• The first player to have his or her turn must pull up a card from the middle pile. Drawing a card from the middle pile is how each player should start their turn. The first player can start discarding cards. The goal of the game is get rid of all the cards first before the other participants do.
  • There are two rules where a player can discard a card. First, if a participant has a king on hand, he or she can place it in an empty space between the foundation pile (hence the king in the corner), this forms the king foundation pile.
  • The other method to discard cards onto any foundation pile is when the card is the opposite color of the topmost card and should be one lesser in value.
  • In this game, the King has the highest value while an Ace is the lowest (1). For example: When there’s a black queen, you can only discard a red king. With a red seven, you can only discard a black six.
  • When discarding cards on the top of the foundation pile, ensure that the cards overlap in a way that the bottom cards are still visible. If a foundation pile has an ace, the pile can’t be played anymore since it’s the lowest valued card. The only option left is to merge it with another stack.
  • Any of the players can combine piles once a sequence has been completed. Once the foundation pile has been merged, the player who did the merging can start another pile with any card on hand.
  • For merging piles, the piles must adhere to the red-black alternation rule and must complete a sequence. For example, if a pile has 7, 8 and 9, it can be merged with another pile with 10 as a top card, provided that it follows the red-black opposite rule.
  • Once a pile becomes complete (meaning all cards from the king to the ace), it can be shuffled back to the center deck.
  • The second player will now have his turn. He can do all the steps as player one as long as it follows the rules. If at any turn that a player can’t discard a card, the play resumes with the next participant.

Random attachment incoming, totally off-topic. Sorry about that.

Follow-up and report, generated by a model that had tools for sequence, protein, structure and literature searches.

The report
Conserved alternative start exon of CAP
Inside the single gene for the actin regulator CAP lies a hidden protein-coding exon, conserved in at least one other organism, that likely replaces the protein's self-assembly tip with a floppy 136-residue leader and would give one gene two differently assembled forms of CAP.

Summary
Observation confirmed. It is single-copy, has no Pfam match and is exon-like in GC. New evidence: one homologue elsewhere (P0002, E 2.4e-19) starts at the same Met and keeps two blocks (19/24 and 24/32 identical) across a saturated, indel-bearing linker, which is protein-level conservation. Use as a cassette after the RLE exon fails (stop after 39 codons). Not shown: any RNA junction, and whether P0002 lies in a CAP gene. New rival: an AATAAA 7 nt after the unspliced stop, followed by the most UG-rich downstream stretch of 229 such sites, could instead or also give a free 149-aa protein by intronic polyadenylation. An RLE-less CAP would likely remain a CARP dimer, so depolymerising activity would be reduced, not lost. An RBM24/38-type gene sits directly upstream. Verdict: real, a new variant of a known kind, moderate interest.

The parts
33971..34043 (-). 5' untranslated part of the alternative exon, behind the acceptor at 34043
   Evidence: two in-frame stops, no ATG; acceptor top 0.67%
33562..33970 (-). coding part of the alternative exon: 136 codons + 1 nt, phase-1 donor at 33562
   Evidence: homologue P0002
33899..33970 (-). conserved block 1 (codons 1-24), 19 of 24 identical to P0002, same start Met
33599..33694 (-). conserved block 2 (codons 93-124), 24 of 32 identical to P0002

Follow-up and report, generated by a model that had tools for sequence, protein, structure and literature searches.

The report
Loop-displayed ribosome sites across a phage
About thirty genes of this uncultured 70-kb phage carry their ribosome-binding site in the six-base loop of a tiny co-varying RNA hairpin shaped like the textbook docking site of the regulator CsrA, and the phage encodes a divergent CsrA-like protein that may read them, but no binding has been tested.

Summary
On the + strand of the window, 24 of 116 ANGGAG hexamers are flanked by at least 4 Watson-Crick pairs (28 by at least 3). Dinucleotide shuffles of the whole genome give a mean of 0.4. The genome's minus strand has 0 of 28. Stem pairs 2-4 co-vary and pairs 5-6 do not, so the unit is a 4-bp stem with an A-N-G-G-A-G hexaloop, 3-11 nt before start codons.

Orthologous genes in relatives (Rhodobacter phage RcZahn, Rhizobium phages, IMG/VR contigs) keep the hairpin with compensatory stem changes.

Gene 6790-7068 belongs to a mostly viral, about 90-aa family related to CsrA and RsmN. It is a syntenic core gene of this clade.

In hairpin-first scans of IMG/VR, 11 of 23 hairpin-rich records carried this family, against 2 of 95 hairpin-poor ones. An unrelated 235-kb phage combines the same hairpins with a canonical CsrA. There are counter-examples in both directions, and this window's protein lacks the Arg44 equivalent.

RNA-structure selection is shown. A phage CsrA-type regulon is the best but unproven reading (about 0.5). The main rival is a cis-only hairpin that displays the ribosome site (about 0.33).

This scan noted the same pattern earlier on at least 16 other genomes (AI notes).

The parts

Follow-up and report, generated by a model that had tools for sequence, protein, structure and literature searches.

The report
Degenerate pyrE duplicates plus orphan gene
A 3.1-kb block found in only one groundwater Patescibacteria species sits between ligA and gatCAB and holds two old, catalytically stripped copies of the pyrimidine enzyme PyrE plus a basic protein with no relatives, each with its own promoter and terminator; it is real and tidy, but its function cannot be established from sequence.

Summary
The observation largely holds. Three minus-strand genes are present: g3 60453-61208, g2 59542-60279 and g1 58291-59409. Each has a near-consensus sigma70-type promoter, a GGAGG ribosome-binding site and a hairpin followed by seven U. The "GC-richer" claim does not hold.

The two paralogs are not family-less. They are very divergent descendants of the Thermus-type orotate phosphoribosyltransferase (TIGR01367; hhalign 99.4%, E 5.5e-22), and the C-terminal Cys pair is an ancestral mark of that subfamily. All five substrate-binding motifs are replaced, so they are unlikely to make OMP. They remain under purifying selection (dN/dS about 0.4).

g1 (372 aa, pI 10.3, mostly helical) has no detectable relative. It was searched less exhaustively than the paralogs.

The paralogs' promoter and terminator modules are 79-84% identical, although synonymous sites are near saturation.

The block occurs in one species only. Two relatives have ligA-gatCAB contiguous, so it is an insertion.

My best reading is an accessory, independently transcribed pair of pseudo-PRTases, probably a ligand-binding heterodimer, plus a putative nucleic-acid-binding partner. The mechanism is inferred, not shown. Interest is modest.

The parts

• The game is won when a player manages to discard all cards from his hand.
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Starting from the left of the dealer, play moves clockwise. On a single turn, players have the opportunity to make any number of these moves and in any order:

  1. Play on the foundation piles from your hand. If you play a card, it must be the next lower rank and the color opposite. For example, you can play a red Jack on a black Queen. Slightly overlap cards in the foundation pile so that they all can be seen. Aces are the lowest card and no other card can be played on top of it.
  2. Use a King to start one of the King’s corners. These cards go in the diagonal corners of the foundation piles (NE, NW, SE, SW). Kings may be built upon like any other foundation pile.
  3. Move one foundation pile onto another. You may do this if the bottom card of one foundation is one rank lower and the opposite color of the foundation it’s being moved to.
  4. Play any card on an empty foundation spot (because the pile had been moved).

The first player to empty their hand is the winner and the game ends. After you have played as many cards as you can or wish in a turn you must draw one card from the stockpile. If you are unable to make a play, simply draw a card from the stock pile and the next player’s turn begins.

Kings dealt into the foundational piles may be moved to the corners. Player left to the dealer has the opportunity to replace the King in the foundational pile layout. Cards in the foundational pile that may be consolidated (one of the cards is one lower rank and the opposite color). Player left of the dealer can consolidate and replace that card in the layout.

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In the event, the stockpile runs dry, continue playing without drawing.

The play ends when one player manages to play all their cards or there is an impasse, no cards can be drawn or played.


Players receive penalties (in the form of points) for cards left in their hands.

  • King = 10 points
  • All other cards = 1 point

Points are summed from deal to deal until a player reaches or passes the target score. Target scores are agreed upon before game play, typically they are between 25-50 points. The winner of the game is the player that has the lowest number of points.